In an effort to combat obesity, UK authorities announced a sugary drink tax in 2016. This was then reconfirmed in 2017.
The sugary drink tax will go into effect tomorrow.
Timeline for Food and drink
- January 21, 2019
The funds raised by the tax will be given to the Department of Education to provide additional funding for sporting activities in schools. At the initial announcement UK chancellor Phillip Hammond said the tax would raise around £1 billion for the Department of Education.
The exact amount of money the tax will raise could be lower than previous estimates. This is due to the fact that some drinks manufacturers have changed their recipes to avoid the tax. After publishing our article about surprising sugary snacks we were informed that Ribena has recently cut the amount of sugar in their drinks, perhaps to avoid further taxation.
How does the sugary drink tax work?
The exact workings of the tax are extremely convoluted to the point that some critics say the tax will be ineffective in combating obesity at all.
Simply put, there are two new levies being applied to sugary soft drinks. These are:
- 18p per litre on drinks that have a total sugar content of more than 5g and less than 8g per 100ml
- 24p per litre on drinks that have a total sugar content of 8g or more per 100ml
However, there are also numerous exceptions. The following drinks are exempt from the tax:
- Drinks that are at least 75% milk
- Milk replacements like almond or soya milk
- Alcohol-free drinks such as alcohol-free wines and beers
- Drinks made with fruit juice that don’t have any added sugar
- Liquid drink flavourings like those used in cocktail purees or added to coffee
- Drinks sold as powder
- Mixed drinks served in an open container such as mocktails
- Baby formula
- Diet drinks
There are also rules about what counts as sugar. The following chemical compositions are classed as sugar: sucrose, glucose, fructose, lactose and galactose. However, chemical sweeteners such as stevia, aspartame, sucralose and erythritol are exempt. This means while original Coca Cola will be taxed, Diet Coke will not be taxed as it uses aspartame.
The levy is paid by the customer if the drink is being sold in the UK. If the drink is packaged in the UK then sold abroad, the packager pays the levy.
How much extra will customers pay for drinks?
As a result of these various new levies, some popular drinks will end up costing a lot more for UK customers.
Here’s how much some of those drinks will cost after the tax according to Government regulations.
We’ve also rounded up the approximate of the tax levy to the nearest whole pence.
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Drinks affected by the 24 pence levy:
Most of the UK’s most popular sugary drinks that will be affected by the levy contain over 8g of sugar per 100ml. That means they’ll be affected by the 24 pence levy. These are:
- Coca Cola
- Fever Tree Indian tonic water
- Red Bull
- Mountain Dew
How much does the levy work out at per drink?
|Drink size:||Sugar tax levy:||Average price pre-sugar tax:||Average price post-sugar tax:|
|Standard can (330ml)||8p||52p||60p|
|Standard bottle (500ml)||12p||£1.23||£1.35|
|Big bottle (1L)||24p||£1.75||£1.99|
|Family bottle (2L)||48p||£2.00||£2.48|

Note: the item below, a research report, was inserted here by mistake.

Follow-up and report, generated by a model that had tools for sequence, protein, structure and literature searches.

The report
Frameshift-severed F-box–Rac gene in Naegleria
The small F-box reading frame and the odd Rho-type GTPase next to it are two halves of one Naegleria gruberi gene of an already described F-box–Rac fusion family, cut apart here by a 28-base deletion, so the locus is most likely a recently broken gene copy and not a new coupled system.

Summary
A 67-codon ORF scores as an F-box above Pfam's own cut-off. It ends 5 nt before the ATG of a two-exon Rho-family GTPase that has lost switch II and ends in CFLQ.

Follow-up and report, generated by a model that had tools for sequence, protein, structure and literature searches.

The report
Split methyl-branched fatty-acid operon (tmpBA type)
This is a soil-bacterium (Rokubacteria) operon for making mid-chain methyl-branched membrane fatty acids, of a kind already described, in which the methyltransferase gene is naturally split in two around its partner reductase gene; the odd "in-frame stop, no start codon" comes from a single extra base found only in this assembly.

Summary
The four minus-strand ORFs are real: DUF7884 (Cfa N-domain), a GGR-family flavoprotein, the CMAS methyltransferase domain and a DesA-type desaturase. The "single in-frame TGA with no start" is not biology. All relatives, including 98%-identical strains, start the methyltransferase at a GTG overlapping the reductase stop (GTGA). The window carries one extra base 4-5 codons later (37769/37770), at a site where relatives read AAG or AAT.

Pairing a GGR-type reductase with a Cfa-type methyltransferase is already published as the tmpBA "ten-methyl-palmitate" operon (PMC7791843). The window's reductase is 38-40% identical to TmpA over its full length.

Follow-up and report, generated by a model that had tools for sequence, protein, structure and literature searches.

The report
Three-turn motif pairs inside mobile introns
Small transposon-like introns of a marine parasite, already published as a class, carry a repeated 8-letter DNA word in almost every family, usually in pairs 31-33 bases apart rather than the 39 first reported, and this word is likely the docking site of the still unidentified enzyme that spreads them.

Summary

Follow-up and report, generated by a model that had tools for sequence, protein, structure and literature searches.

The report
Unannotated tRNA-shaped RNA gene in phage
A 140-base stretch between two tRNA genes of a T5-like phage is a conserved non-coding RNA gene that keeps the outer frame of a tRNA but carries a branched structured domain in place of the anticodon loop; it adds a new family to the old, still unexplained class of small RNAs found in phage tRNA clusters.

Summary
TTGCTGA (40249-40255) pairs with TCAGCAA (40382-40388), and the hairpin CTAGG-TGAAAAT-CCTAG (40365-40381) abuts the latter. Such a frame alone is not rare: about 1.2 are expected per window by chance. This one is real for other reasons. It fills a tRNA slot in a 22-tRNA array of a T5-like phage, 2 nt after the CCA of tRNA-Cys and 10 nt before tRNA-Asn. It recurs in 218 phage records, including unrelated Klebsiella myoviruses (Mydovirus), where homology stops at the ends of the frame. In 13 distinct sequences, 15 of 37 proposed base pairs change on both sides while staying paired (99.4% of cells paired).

Drinks affected by the 18 pence levy:
Only two of the popular drinks we examined will actually be affected by the smaller tax levy of 18 pence. Both were lemonades with over 5g of sugar per 100ml but less than 8g per 100ml. These are:
- Schweppes Lemonade
- R White’s Lemonade
|Drink size:||Sugar tax levy:||Average price pre-sugar tax:||Average price post sugar tax:|
|Standard can (330ml)||6p||50p||56p|
|Family bottle (2L)||36p||£1.30||£1.66|
Sugary drinks which are exempt:
In preparation for the tax, quite a few popular sugary drinks have reformulated their recipes to avoid being taxed. These are:
- Fanta – 4.6g of sugar per 100ml
- Ribena – 4.6g of sugar per 100ml
- Sprite – 3.3g of sugar per 100ml
- Irn Bru – 4.7g of sugar per 100ml
- Vimto – 4.7g of sugar per 100ml
- Lucozade Original – 4.5g of sugar per 100ml
- Lilt – 4.6g of sugar per 100ml
- Dr Pepper – 4.9g of sugar per 100ml
- Rubicon Mango: 4.5g of sugar per 100ml
- Old Jamaica Ginger Beer: 4.9g of sugar per 100ml
Jonathan Davison, a consumer analyst at GlobalData tells Verdict:
“For two years soft drinks companies have debated whether to reformulate their products and jeopardise consumer loyalty, or change nothing but risk pricing consumers away. The most effective strategy was in fact to do both: appease the loyal fans of core brands like Coca-Cola, for whom taste is everything, by keeping ingredients the same – whilst offering a plethora of sugar-free alternatives like Coke Zero Sugar, providing companies with a ‘safety net’ of products protected from taxation. Crucially, this also ensures consumers still have an all-important choice – take that away and then the entire industry suffers. The scope of the sugar tax does not end with soft drinks either; if successful the government will almost certainly look into a levy for sugary food products as well.”
However, Davison also notes that the sugar tax might have some unintended consequences for drinks brands and the government:
“Denmark tried something similar in 2011 with its own ‘fat tax’. It was abolished after just 15 months having caused inflation, widespread job cuts and increased cross-border trade, all whilst having little impact on consumption trends. Sometimes, less is more.”
Either way, it seems unlikely that consumers will notice a huge difference as a result of this new tax.